European stocks dropped on Friday as uncertainty weighed on the travel industry and stalled negotiations for fresh US stimulus suppressed hopes of a swift recovery in the world’s largest economy.

The continent-wide Europe Stoxx 600 fell 1.3 per cent in morning trade, with stocks linked to tourism among the biggest losers. London’s FTSE 100 and the CAC 40 in Paris dropped 1.7 per cent, while Frankfurt’s Xetra Dax slipped more than 1 per cent.

Travel companies sank following the UK’s decision late on Thursday to place travellers returning from France and the Netherlands under quarantine for 14 days. Paris is expected to follow suit with reciprocal requirements. Shares in easyJet and British Airways’ parent International Airlines Group fell about 6 per cent, while those in Ryanair and Tui dropped more than 5 per cent.

Strategists said the UK decision added to concerns that the recent rise in coronavirus cases across Europe could snuff out the still-fragile economic recovery in the region.

“The second wave is already happening,” said Art Baluszynski, head of research at Henderson Rowe. “There is definitely a risk of Europe going into lockdown, or at least some measures that could inhibit the economy bouncing back.”

European equities were also likely to be hit harder by a second wave than American stocks, he added, due to the higher proportion of “old economy” companies and the lack of tech businesses that have benefited during lockdowns. S&P 500 futures were down 0.2 per cent although the US benchmark remained near its all-time intraday high.

US Treasuries steadied on Friday after a sell-off this week that sent yields higher, following a record $26bn auction of 30-year bonds that saw depressed demand. The yield on the US-10 year Treasury note fell 0.01 percentage points on Friday to 0.7061 per cent.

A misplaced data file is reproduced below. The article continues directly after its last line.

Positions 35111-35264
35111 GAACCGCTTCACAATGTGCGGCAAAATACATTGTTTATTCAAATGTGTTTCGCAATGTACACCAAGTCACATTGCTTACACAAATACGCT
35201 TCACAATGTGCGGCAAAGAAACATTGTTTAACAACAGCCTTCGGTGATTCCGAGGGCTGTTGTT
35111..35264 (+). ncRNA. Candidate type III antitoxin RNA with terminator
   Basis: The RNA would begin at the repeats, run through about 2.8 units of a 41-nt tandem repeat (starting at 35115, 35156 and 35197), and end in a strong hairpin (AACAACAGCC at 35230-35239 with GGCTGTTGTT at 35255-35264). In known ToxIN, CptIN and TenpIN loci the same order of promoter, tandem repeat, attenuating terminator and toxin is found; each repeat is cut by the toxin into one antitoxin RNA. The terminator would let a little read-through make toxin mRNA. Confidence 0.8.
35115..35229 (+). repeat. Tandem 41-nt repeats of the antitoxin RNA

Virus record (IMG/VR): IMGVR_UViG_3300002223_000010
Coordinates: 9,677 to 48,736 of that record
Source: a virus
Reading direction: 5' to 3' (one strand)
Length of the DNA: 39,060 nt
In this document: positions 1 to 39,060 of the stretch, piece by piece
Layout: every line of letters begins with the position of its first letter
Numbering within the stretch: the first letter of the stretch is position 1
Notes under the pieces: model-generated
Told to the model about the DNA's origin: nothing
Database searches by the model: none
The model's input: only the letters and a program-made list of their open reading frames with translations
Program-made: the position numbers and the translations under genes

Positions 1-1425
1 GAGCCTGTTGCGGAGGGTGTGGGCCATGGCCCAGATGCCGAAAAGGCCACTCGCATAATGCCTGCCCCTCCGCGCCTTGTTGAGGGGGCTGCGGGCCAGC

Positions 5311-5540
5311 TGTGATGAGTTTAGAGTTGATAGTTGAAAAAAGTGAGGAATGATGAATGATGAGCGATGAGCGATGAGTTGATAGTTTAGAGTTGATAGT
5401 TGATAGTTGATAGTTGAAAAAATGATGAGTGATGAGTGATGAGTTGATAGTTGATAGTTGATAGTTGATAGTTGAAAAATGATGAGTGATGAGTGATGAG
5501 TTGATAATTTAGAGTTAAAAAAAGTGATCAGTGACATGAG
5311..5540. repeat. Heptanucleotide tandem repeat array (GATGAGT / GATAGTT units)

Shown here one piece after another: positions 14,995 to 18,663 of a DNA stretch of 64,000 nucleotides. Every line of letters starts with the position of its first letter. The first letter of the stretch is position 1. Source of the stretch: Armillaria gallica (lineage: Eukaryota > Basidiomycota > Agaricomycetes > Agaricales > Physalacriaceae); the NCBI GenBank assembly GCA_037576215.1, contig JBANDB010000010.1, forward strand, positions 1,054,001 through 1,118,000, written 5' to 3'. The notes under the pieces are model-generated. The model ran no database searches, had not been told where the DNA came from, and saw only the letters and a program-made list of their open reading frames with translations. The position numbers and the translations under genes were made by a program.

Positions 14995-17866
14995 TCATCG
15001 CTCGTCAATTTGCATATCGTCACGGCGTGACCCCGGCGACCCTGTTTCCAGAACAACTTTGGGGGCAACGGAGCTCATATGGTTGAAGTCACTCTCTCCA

US stocks ended slightly lower on Thursday despite data showing the number of people who filed for unemployment benefits over the previous week fell below 1m for the first time since the pandemic began. Economists had forecast jobless claims of about 1.1m.

The positive figures dented traders’ expectations that the White House and Congress would quickly agree on a new support package for millions of Americans left unemployed by Covid-19.

“The biggest swing factor is what’s going to happen on the fiscal side,” said Elizabeth Geoghegan, fixed income portfolio manager at Mediolanum.

Nancy Pelosi, the Democratic speaker of the House of Representatives, doused optimism on a breakthrough late on Thursday when she said that no progress had been made towards a deal and no further meetings with Republicans had been scheduled.

Chinese stocks were the best performers in the Asia-Pacific region, despite economic data for July that came in below expectations.

Mainland China’s CSI 300 index rose 1.5 per cent following news that retail sales in the country had dropped 1.1 per cent year on year, the seventh straight month of declines, versus predictions for a 0.1 per cent rise.

Yu Song, chief China economist at Goldman Sachs, said the latest flurry of data raised the prospect that Beijing would hold its position on stimulus measures. “With activity growth and unemployment largely steady . . . inflation rising and the virus increasingly under control without full-scale lockdown, policymakers likely see a lack of strong rationale to loosen their policy stance incrementally for now,” he said.

Investors will turn their attention to a meeting between US and Chinese officials over the weekend to review the progress made on their “phase one” trade agreement.



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